BOSTON – Many businesses have asked their employees to work from home, but for those who are used to an office environment, that transition could prove to be a challenge at first.
However, some people ordered to work from home have opted for doing their work in co-working spaces or in coffee shops – defeating the purpose of avoiding large crowds.
To help with the feeling of isolation, companies are using videoconferencing and other technology to give people face-to-face contact.
“It’s not a substitute for physical presence, unfortunately, but at the same time it is something in the interim that we can use more of,” said Boston College developmental and educational psychology professor Usha Tummala-Narra.
For those used to working in an office space, transitioning to working from home can sound daunting. While at first it sounds like a dream come true, soon many realize it’s a lot harder than it looks. Working on your own requires not only a lot of discipline, but also understanding time management since you’re not “clocking in” or out.
“The source of stress is just how to make the right decisions following the public officials’ recommendations,” said Olivia Mathews, of Newton.
Transitioning into working in more solitary workspaces will take a toll on people, but thankfully technology has advanced to the point where, since a lot of people work from home, it’s easy to stay connected and on track with your work.
“Because we really as human beings need to be around each other in order to feel a certain sense of connection and belonging,” said Tummala-Narra.
Working from home presents the unique opportunity of using more digital tools and getting in touch with digital communities. Skype is a great tool to use for videoconferences and even just to interact with other co-workers also working remotely. Other online meetup rooms and hangout spaces can act like a giant online thinktank, as well as using communication servers like Discord.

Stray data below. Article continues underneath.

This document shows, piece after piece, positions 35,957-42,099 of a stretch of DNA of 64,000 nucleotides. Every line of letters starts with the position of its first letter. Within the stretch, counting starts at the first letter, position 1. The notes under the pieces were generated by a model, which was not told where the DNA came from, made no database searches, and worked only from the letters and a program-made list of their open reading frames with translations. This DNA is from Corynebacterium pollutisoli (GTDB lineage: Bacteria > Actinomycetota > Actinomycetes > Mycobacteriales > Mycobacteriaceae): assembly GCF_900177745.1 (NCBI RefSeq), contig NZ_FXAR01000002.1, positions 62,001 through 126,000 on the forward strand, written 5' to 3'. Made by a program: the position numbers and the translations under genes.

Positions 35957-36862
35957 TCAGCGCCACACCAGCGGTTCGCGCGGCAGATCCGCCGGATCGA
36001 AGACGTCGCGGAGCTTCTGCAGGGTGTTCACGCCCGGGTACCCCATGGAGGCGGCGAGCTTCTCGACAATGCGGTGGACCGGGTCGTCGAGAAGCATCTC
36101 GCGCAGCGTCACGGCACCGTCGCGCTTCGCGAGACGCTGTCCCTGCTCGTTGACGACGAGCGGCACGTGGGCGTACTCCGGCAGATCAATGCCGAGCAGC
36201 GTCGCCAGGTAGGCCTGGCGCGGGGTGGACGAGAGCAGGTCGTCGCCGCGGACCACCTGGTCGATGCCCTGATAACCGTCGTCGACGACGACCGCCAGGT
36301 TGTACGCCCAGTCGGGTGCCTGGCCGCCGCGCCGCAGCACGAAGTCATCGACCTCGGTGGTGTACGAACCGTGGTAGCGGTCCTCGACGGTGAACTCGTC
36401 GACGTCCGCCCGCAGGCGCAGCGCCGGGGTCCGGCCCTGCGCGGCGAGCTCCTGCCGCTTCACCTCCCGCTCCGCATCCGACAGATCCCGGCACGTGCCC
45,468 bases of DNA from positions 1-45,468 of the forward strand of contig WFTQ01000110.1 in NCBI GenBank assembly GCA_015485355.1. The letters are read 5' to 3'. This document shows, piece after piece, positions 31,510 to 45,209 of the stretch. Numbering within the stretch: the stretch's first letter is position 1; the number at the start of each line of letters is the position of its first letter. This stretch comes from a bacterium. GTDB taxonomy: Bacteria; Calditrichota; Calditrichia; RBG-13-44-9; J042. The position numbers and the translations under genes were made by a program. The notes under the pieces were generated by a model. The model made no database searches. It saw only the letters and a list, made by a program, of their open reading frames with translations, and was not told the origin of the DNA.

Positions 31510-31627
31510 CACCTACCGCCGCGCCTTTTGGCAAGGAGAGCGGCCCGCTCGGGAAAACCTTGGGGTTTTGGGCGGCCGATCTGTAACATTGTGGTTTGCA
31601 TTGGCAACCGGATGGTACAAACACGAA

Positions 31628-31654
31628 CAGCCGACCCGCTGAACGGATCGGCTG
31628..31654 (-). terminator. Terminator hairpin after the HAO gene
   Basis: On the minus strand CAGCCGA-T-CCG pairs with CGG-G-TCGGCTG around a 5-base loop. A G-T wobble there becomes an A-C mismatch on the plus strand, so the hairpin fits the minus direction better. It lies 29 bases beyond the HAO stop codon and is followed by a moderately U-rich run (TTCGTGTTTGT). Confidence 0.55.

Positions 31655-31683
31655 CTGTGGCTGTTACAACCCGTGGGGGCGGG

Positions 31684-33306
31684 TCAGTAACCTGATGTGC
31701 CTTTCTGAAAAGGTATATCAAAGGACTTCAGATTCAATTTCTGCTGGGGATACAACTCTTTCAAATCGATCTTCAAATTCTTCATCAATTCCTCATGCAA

“We are just taking it a day, a week at a time and then revisit,” said Newton.
According to Julianna Costa, a content strategist and copywriter, you should treat online meetings like normal, face-to-face meetings. Engaging in a friendly chat and establishing real social contact with the people on your call is important to maintain a sense of normalcy when working remotely.
Before scheduling meetings, set an agenda and email everyone ahead of time to make planning easier and to ensure you have all your materials and are prepared. Muting your microphone when you’re not speaking in a group teleconference is crucial, says Costa.
When it comes to actually doing the work, set your hours and time yourself. Working in 35-minute increments while allowing yourself short breaks can boost productivity. Track your productivity so you can learn when you’re most productive and use that in your favor. Once you’ve established when it’s easier for you to get your work done, you’ll have a better time committing to getting the bulk of your work done then.
Start with big projects first and then ease into doing the smaller stuff afterward – it’ll be easier to get those things out of the way with major work already done.
Emails will increase, as it’ll likely become one of the only forms of communication between you and your co-workers, so make sure you answer them in chunks – don’t try to answer them throughout the day, or you’ll lose track of them.
Finally, Costa suggests you should still dress up like you would if you were still going to the office.
“It gives you the illusion of being serious about your work and increases productivity,” said Costa.
All in all, it’s about establishing a routine like you would during the week going to the office. Pick a spot in the house where you can do your work, and treat it like your own workspace.
“I think if it is a routine you rely on, it’s probably a good idea to stick with that,” said John Kuhnle, of Bedford.